With less than two weeks to go before the independence vote on 18 September, Scotland on Sunday has learned that a formal complaint is to be made by Labour to the returning officer at East Ayrshire Council after activists discovered that at least four children in the area aged between three and 11 have received polling cards.
It has raised concerns that with a tight result expected in the referendum it could leave the system open to fraudulent votes being cast.
The issue came to light because parents raised concerns with Labour party volunteers who were out canvassing support for a No vote.
However, fears have been raised that the problem is far greater in East Ayrshire and could be an indication of what is happening across Scotland.
A similar issue was uncovered at the European Parliament elections last year in East Ayrshire but appears not to have been resolved.
The revelation has echoes of the problems which beset the 1979 devolution referendum, in which some dead people were given the vote, undermining public confidence in the result which did not meet the threshold set by the Callaghan government for creating a Scottish Parliament.
Kilmarnock Labour councillor Maureen Mackay told Scotland on Sunday that the child voter registrations were discovered when she and other Labour activists were out canvassing for a No vote.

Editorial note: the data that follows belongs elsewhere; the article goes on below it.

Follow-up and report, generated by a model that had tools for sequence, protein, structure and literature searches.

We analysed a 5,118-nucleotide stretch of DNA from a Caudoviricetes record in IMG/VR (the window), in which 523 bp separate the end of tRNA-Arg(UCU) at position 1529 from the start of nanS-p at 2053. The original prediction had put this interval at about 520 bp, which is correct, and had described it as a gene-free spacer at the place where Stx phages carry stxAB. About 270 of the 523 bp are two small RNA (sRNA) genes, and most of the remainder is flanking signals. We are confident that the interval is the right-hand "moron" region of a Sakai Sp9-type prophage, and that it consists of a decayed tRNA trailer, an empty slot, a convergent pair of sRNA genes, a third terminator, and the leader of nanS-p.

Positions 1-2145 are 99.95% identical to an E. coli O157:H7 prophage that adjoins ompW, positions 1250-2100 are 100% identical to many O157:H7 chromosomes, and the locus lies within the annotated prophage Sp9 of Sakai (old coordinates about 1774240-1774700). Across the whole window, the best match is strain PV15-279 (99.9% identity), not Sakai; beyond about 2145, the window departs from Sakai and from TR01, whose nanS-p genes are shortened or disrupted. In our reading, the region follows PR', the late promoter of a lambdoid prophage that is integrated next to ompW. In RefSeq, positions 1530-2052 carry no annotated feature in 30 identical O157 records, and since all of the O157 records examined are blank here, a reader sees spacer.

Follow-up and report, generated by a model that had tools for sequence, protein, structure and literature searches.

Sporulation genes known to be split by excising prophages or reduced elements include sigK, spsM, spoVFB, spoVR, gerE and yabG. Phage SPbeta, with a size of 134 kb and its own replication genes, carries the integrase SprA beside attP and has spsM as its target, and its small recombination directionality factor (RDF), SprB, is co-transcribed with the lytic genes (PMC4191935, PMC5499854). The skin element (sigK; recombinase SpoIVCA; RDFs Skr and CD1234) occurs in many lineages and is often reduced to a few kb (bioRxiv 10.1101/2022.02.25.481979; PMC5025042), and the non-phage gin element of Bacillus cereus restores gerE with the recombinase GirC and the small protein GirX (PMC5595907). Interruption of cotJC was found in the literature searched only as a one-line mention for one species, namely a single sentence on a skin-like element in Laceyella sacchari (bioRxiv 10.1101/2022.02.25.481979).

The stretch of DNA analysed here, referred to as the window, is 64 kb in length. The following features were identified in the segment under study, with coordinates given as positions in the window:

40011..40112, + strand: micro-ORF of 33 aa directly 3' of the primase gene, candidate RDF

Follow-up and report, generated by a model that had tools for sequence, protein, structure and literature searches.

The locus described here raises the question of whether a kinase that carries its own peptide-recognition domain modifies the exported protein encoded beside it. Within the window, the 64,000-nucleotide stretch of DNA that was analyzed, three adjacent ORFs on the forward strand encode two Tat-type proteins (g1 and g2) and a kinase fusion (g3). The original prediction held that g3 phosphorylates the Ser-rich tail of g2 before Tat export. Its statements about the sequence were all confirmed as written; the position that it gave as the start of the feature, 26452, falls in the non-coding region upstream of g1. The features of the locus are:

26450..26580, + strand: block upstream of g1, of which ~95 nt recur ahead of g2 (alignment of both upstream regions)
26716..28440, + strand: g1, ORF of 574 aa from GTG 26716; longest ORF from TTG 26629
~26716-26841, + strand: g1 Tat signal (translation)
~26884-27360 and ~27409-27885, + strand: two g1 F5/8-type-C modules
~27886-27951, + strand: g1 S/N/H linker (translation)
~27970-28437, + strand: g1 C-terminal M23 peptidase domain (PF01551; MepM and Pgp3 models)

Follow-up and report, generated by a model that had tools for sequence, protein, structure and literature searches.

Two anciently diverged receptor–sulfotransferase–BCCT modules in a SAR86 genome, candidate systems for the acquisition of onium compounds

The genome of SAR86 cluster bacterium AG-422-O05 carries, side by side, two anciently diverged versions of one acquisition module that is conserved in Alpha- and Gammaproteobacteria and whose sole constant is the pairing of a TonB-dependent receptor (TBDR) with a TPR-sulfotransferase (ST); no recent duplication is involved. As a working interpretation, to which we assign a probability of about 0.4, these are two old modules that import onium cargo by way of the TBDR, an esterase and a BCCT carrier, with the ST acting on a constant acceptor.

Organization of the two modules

“One father told us that he had not received a polling card but his two children aged three and five had,” she said. “We then discovered another family where the children [aged 9 and 11] had also been registered to vote.
“These families have done the right thing and informed us about it because they didn’t know what else to do, but what worries me is that there are many more cases like this in East Ayrshire where families are not doing the right thing. It is also quite possible that this is not just confined to East Ayrshire and could be happening around Scotland.”
She added: “The problem is that our voting system means that all you have to do is turn up and say where you live. There is no check to verify who you are so any votes registered with children could be used by adults.“This could be crucial with the polls suggesting that the result is going to be tight.”
Mackay said that it was “unclear” whether the problem had been caused by extending the referendum vote to 16-year-olds for the first time in British history which has meant that councils have had to try to identify a new, younger group of voters.
The issue has been taken up by Kilmarnock and Loudoun MP Cathy Jamieson, who was concerned that a problem identified in last year’s European election had still not been dealt with. “A number of constituents approached their local councillors to say that their kids had been given Polling Cards. This has been taken up with the Returning Officer. Errors do occur, but it was worrying to hear that this has now occurred twice in one household.”
East Ayrshire Council was unavailable for comment last night.